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Discussion Starter #1
I have been on this forum about a year now. I bought a survivor '67 GTO from a guy and got it mechanically sound. I drive it several times a week. It looks decent but the body lower panels have some rust. I have taken it to three different restoration/paint shops here in my area and the estimates to paint it are 10-12k. I also have bought two rust free quarter panels. If I go thru with this project, it will get quarters cut and the "new" ones put on. It will also get a new tail panel. I don't really mind the original paint but something needs to be done on the bottoms and all the trim is not on the car. There are also a few spots where the original owner hit with grey primer. I would only consider painting the car Cameo Ivory which is the original color. The interior is red and in excellent condition. So....my question.....when is it considered "restored" and no longer original? Value wise, am I better off where I am at now, and even if I would fix the lower panels I am not sure if it would look right with new paint in some areas. After seeing those rust buckets sell for big money in Pierce, Nebr. I have been pondering this. I would hate to ruin a piece of original history because it's only original once. If you are still reading this and awake, I would appreciate any input.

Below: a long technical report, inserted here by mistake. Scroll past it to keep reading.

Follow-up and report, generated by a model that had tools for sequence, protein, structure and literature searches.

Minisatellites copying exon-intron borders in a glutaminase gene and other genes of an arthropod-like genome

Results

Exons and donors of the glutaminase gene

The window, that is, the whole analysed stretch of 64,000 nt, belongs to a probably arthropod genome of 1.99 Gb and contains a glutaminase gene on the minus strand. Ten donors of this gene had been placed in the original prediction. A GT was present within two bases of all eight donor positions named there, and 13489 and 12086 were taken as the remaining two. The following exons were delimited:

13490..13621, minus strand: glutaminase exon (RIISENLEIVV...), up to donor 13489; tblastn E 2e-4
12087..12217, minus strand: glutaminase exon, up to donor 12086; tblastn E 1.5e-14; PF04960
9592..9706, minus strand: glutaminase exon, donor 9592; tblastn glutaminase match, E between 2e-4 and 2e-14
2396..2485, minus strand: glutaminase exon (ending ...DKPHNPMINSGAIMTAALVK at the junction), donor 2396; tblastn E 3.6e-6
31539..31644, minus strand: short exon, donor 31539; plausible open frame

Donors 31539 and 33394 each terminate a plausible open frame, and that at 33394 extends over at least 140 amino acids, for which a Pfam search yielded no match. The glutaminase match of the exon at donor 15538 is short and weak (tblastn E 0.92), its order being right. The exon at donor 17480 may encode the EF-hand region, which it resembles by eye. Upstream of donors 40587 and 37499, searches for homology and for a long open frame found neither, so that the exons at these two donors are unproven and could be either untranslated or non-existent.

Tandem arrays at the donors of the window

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I say fix the rust and paint it.